Characteristics Of History Fair Projects PDF Print E-mail

History Fair projects typically fall into three different categories. By learning how to identify the characteristics of their projects, students will be better equipped to revise and improve them at each level of the academic competitions.

Historical Argument: This superior project begins with a clear thesis or claim, and then develops its argument through step-by-step use of primary and secondary sources as evidence. It grapples with complexity and the multiplicity of factors involved in any historical topic. It reveals the way society develops, how and why things change, and the political, social, economic and cultural factors involved. It also situates the topic in its historical context and within the context of U.S. or world history. Finally, the project’s conclusion is more than a summary of the argument and evidence presented; it addresses the historical significance of the topic, what we learn about society and change, and, perhaps, implications for the present.

Typical Score: 90 to 100 points

Example of Typical Title:

"Hull House and the Labor Movement: How Progressives Helped Turn the Tide for Immigrant Workers"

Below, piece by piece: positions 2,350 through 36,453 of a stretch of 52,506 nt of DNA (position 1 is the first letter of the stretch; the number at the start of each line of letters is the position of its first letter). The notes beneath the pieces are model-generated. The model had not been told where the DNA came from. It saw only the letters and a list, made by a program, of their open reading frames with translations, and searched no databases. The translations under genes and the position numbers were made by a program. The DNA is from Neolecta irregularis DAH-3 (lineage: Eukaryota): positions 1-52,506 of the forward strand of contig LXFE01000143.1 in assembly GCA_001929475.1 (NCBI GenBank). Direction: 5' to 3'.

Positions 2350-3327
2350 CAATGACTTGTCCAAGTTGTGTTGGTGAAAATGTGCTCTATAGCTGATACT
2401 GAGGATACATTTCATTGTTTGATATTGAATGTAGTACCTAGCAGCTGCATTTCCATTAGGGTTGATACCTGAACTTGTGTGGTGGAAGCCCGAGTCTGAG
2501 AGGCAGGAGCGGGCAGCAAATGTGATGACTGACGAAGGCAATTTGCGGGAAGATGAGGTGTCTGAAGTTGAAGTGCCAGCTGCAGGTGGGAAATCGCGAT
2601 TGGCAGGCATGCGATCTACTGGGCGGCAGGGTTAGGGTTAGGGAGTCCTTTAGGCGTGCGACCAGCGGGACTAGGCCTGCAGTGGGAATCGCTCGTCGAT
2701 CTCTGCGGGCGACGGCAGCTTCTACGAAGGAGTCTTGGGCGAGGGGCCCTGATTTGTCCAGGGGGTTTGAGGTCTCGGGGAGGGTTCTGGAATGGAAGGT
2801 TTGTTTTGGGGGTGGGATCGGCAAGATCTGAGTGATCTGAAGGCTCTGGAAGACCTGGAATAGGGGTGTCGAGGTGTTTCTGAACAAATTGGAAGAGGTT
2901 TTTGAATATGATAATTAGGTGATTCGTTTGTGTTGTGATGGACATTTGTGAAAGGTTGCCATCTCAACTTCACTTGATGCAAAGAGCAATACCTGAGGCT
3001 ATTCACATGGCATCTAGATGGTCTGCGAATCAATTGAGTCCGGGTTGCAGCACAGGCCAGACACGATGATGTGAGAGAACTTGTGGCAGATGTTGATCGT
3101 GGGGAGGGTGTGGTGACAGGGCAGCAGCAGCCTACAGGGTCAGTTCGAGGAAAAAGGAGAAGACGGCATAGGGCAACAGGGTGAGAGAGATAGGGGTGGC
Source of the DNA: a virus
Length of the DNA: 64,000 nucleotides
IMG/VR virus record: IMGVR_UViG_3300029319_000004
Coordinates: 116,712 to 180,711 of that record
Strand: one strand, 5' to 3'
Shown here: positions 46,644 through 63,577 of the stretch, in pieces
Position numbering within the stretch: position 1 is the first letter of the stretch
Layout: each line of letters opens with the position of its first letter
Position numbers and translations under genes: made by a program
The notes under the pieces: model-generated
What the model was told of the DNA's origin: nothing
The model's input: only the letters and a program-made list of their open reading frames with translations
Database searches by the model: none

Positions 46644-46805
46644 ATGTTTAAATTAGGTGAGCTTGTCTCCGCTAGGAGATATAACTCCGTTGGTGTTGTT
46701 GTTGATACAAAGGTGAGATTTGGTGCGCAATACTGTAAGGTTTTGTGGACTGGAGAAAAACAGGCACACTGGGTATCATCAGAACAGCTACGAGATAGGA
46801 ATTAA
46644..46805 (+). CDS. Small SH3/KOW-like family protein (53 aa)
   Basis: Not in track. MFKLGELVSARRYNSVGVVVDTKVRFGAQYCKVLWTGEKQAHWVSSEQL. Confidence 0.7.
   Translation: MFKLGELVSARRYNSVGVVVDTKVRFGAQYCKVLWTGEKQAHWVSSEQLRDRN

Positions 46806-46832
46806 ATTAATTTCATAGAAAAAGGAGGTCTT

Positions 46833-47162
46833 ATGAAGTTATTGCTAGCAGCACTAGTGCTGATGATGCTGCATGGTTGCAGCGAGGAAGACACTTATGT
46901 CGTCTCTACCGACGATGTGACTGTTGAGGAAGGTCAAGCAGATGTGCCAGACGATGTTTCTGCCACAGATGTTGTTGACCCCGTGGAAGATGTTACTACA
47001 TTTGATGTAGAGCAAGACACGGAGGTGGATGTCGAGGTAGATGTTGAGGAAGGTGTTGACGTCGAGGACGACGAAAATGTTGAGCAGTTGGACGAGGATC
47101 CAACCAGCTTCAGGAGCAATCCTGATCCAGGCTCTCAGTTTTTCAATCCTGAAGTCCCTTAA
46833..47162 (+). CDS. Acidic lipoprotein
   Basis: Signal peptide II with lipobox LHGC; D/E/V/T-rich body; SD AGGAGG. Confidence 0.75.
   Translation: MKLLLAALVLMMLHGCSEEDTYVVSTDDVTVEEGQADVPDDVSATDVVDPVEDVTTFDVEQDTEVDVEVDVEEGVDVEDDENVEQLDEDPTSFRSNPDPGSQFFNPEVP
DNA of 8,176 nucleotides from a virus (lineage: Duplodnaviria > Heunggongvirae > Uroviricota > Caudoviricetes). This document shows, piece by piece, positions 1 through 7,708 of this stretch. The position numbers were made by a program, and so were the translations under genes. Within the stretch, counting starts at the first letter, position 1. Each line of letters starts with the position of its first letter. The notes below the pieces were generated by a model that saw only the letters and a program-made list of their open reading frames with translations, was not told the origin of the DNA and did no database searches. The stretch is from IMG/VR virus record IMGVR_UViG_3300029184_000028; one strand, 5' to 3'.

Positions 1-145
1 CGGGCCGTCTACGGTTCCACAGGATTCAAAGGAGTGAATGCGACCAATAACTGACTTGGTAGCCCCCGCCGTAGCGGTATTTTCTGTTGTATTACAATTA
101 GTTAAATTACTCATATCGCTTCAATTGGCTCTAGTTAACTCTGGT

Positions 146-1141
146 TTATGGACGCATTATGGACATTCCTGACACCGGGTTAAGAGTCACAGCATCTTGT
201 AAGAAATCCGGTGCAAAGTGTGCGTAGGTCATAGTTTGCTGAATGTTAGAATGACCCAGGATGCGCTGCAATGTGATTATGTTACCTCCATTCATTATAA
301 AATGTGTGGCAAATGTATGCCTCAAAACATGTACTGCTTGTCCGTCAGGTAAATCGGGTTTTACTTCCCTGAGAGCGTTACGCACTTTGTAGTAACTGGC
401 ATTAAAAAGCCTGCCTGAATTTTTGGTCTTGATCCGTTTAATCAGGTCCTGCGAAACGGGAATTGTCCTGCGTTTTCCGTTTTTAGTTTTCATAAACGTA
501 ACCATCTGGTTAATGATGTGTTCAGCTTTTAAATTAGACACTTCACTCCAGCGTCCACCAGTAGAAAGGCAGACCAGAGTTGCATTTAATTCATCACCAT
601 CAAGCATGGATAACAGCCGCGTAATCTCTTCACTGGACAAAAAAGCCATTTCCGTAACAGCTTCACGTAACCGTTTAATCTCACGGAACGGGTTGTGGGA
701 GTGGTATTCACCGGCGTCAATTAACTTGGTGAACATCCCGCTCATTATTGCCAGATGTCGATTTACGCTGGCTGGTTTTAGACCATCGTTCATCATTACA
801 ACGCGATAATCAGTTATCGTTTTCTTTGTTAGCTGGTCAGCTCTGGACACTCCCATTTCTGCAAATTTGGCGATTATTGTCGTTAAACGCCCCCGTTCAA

Tell A Story: A project in this category is a major improvement from a "Collection of Facts," because has a narrow focus, offers a solid story or explanation, and demonstrates a high level of knowledge. What separates an excellent from a superior project is the need for an argument about why and how something happened (or didn’t), its impact and significance, and the larger historical context. Instead, the project tends to reflect an "appreciation" of a topic and may slide into such terms as "the only" or "the most important" or "changed everything." to justify its importance.

Typical Score: 75-88 points

Example of Typical Title:

"The Role of Hull House in the Labor Movement"

Collection of Facts: These projects consist of a series of pictures with descriptive captions that read like a tour guide or captions that are no more than lengthy timelines. Often, there is no uniting theme or logic to the order in which the topic is being presented. Often topics are overly broad, such as Chicago Architecture or Jane Addams. Instead, try to narrow the focus and pose a historical question that the project then attempts to answer.

Typical score: 70-75 points

Example of Typical Title:

"The Many Achievements of Jane Addams"


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